By Pat Hartley, author of Labyrinth Learning’s QuickBooks Online
Most will agree that giving feedback to your students is best done in a one-on-one setting. This allows the student to receive helpful feedback directly and gives him or her a chance to ask you questions. However, this doesn’t mean that there isn’t a place for using whole class feedback.
Whole class feedback is when you address the class as a whole and give them feedback as a whole. For example, after handing back graded tests, you can discuss the performance of the class in its entirety. This type of feedback can be quite effective, and it’s a method that is used more than you probably realize. Speaking to each student one-on-one might be more effective, but using whole class feedback has its own benefits. It’s much more efficient to speak to an entire class for ten minutes regarding their performance than it is to speak to each student individually.
When providing whole class feedback, the last thing you should do is lecture your students on the problem they are having. You don’t want to come across as a parent scolding them. Instead, center your feedback around future-focused discussions. Tell your class what they should do next time based on their previous performance. You can even provide goals for the class to reach as a whole.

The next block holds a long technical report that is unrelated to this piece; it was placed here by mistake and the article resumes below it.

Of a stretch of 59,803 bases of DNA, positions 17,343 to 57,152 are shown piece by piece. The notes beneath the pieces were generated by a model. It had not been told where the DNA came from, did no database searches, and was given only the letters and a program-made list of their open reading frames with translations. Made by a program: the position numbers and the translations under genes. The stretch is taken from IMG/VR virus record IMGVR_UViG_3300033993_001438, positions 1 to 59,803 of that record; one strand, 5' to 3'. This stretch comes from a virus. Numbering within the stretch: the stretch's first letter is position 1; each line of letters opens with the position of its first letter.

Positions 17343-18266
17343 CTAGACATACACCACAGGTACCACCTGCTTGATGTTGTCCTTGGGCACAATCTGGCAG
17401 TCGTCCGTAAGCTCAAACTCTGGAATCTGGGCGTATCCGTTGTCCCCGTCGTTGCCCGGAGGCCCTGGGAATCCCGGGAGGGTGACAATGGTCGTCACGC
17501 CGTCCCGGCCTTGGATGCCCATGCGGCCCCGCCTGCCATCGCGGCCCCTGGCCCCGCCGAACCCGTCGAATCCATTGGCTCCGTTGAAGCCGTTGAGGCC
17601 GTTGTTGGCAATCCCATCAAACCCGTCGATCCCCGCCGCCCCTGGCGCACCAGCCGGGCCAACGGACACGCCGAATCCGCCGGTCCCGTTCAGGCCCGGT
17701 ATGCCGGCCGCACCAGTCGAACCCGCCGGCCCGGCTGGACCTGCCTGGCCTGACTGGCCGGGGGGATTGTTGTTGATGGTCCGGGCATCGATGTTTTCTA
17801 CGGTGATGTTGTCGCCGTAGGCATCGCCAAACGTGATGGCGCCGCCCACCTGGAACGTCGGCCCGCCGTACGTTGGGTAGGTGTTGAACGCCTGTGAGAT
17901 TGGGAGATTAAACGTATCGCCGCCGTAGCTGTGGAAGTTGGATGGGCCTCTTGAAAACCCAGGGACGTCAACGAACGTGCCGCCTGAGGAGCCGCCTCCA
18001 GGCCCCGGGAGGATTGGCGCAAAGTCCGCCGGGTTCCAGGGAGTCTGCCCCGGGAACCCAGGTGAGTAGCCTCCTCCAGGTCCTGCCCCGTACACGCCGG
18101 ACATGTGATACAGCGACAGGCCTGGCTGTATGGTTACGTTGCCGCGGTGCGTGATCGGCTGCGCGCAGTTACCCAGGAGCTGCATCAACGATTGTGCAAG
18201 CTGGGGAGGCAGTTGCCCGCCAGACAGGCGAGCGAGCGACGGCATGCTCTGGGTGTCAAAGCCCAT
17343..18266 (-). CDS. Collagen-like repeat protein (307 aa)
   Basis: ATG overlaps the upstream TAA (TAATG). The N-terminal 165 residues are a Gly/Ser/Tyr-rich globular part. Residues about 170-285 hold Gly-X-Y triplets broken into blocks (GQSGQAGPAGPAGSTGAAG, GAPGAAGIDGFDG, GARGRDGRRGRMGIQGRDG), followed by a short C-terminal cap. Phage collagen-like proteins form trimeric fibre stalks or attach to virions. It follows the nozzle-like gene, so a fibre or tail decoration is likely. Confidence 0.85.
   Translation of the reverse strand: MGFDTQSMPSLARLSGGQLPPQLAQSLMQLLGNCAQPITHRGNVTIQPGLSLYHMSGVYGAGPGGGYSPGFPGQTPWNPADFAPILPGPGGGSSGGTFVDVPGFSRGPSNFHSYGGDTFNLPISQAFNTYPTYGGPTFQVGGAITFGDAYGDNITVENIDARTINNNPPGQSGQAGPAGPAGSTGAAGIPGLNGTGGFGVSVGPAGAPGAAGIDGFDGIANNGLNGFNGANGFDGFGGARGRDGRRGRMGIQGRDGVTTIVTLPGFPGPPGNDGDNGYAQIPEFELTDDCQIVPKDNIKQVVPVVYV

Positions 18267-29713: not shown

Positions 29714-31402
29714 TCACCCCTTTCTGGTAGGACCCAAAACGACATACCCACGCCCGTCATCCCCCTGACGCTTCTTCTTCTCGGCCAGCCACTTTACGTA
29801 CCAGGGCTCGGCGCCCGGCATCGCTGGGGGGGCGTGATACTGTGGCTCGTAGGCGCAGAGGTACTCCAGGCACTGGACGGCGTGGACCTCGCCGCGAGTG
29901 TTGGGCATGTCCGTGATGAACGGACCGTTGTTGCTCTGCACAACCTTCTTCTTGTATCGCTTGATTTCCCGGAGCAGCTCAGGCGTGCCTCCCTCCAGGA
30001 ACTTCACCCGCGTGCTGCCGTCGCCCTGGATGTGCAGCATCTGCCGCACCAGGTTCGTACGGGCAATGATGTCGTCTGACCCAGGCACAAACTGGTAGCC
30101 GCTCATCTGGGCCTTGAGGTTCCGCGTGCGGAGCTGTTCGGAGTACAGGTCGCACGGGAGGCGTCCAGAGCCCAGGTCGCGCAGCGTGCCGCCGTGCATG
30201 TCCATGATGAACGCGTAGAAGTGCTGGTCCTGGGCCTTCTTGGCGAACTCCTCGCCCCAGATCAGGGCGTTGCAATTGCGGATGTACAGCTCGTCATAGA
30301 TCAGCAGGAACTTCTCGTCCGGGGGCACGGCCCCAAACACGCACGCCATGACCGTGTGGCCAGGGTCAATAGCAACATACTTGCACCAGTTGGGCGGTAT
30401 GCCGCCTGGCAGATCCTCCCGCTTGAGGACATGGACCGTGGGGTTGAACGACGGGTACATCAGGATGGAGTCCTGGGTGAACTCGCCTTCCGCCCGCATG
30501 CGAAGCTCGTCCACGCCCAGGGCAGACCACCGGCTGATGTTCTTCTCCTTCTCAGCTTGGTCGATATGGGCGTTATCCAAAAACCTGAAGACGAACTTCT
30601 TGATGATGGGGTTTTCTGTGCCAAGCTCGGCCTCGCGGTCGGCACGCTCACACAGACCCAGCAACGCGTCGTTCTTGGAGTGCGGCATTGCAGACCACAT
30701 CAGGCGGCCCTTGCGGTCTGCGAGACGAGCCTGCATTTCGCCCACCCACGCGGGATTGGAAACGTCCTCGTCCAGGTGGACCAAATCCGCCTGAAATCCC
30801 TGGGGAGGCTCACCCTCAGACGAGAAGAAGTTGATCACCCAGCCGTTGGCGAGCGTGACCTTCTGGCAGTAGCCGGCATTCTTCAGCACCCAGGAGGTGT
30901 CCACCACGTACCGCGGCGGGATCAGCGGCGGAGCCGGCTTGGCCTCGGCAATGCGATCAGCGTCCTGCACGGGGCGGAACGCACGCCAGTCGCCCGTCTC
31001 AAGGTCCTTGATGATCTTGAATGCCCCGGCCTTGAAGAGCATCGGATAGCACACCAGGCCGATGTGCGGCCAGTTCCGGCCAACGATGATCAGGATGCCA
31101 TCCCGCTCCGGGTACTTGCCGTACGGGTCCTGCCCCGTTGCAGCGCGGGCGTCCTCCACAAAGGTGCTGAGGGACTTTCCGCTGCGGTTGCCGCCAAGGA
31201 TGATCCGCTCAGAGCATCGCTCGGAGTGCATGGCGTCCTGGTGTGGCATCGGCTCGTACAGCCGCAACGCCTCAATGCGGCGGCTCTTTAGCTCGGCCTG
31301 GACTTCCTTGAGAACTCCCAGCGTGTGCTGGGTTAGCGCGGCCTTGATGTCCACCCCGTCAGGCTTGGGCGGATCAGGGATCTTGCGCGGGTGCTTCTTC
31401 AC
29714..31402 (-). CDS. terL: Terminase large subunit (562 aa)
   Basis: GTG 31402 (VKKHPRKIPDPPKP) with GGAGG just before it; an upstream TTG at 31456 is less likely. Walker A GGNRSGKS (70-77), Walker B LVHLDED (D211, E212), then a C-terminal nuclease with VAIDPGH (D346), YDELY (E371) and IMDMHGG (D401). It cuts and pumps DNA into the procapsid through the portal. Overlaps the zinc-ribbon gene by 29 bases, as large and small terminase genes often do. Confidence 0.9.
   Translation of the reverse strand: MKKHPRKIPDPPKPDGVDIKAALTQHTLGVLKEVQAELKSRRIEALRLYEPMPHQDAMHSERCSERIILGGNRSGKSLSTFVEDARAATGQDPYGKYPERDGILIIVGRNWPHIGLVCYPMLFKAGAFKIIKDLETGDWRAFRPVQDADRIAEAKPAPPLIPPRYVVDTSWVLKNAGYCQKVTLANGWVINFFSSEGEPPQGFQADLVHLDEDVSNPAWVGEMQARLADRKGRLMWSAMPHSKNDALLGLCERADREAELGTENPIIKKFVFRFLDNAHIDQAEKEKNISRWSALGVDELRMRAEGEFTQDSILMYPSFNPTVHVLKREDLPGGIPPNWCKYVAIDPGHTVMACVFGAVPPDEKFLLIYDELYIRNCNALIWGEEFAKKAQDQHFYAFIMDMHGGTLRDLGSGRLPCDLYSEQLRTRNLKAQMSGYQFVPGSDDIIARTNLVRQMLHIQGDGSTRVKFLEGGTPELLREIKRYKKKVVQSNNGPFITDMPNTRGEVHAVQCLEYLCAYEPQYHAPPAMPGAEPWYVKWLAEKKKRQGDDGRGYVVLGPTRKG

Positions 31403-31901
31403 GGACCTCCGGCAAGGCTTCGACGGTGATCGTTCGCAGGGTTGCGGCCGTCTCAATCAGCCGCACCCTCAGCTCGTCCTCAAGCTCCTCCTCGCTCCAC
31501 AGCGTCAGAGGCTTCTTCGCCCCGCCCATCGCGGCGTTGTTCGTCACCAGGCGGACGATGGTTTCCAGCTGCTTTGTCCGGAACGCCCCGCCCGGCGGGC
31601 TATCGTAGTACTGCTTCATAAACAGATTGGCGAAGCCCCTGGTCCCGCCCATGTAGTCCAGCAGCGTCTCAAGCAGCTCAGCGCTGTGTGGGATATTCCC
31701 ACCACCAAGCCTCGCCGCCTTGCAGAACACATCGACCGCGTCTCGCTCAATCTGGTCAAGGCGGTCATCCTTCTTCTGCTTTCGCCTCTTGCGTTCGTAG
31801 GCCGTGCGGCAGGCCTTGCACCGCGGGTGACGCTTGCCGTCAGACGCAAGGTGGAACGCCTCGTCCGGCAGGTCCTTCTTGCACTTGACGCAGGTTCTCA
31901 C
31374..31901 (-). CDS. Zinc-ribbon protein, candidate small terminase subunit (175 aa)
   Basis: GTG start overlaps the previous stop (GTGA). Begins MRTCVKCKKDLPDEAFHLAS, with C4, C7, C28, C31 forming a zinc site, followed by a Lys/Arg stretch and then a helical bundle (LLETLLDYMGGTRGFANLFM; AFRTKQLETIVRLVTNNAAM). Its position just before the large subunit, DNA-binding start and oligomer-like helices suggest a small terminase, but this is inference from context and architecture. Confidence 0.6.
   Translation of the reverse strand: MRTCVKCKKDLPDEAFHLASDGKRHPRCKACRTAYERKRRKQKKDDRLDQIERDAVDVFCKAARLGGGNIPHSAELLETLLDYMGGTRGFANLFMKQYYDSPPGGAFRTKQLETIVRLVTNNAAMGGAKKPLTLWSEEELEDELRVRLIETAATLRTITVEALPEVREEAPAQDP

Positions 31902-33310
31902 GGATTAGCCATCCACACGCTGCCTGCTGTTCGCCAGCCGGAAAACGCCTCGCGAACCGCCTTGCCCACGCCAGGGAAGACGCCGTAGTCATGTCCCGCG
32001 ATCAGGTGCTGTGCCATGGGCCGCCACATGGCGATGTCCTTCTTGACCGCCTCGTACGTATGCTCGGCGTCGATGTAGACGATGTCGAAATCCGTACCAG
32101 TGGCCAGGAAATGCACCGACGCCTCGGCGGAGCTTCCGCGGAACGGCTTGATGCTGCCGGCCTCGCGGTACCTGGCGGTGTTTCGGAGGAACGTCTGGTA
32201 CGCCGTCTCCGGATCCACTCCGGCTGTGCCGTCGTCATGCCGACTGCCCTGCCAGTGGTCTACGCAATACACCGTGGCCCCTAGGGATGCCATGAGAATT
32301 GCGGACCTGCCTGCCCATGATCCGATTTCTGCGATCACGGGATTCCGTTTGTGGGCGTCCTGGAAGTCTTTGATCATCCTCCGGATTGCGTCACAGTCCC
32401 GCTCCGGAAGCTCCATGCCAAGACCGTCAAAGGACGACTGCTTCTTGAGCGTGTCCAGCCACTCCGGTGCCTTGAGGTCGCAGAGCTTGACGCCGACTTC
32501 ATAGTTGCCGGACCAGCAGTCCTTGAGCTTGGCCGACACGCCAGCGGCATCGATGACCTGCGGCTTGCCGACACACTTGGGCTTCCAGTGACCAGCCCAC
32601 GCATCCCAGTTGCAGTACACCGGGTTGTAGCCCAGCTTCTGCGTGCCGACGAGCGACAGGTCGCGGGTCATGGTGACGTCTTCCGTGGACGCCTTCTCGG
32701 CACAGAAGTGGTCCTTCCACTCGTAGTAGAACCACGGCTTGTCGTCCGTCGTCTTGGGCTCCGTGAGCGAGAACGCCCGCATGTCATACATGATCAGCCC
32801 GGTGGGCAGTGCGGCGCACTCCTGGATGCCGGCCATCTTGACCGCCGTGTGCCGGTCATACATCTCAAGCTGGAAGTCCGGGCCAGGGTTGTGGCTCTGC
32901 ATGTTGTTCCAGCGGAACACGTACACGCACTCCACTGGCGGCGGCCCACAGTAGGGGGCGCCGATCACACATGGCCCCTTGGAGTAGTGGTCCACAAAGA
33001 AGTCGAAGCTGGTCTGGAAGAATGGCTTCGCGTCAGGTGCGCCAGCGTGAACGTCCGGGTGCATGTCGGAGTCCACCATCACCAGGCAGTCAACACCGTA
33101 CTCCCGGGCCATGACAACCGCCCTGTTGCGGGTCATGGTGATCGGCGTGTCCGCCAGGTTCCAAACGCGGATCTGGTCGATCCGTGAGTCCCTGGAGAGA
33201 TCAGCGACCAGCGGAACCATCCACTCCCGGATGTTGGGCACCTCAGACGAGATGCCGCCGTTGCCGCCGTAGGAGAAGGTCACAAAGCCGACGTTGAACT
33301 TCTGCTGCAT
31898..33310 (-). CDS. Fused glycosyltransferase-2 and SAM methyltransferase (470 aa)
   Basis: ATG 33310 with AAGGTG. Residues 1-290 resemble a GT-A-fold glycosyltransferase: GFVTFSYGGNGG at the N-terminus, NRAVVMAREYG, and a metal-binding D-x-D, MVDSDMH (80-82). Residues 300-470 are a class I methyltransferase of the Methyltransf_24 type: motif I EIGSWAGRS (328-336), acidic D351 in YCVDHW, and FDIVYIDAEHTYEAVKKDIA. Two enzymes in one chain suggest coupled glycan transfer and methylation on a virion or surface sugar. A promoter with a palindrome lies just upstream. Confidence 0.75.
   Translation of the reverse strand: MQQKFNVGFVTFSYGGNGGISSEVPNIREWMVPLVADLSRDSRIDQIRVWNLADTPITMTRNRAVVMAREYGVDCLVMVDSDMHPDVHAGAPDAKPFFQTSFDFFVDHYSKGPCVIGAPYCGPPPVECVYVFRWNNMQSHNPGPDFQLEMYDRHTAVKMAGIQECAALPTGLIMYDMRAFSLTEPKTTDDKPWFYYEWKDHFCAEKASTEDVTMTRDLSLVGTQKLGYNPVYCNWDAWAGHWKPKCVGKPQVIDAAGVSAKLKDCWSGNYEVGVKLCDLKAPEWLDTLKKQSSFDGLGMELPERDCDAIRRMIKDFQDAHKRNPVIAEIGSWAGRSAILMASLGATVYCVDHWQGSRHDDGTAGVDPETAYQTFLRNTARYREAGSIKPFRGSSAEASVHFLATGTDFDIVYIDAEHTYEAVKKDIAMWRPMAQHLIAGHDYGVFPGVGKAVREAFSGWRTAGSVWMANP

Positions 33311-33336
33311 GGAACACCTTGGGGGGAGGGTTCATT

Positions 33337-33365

When it comes to teaching a classroom of students, making sure that you have their attention is incredibly important. This means that you should vary your lesson plan a little bit instead of having lectures every single class. However, lectures are still very important, so how often should teachers lecture in class?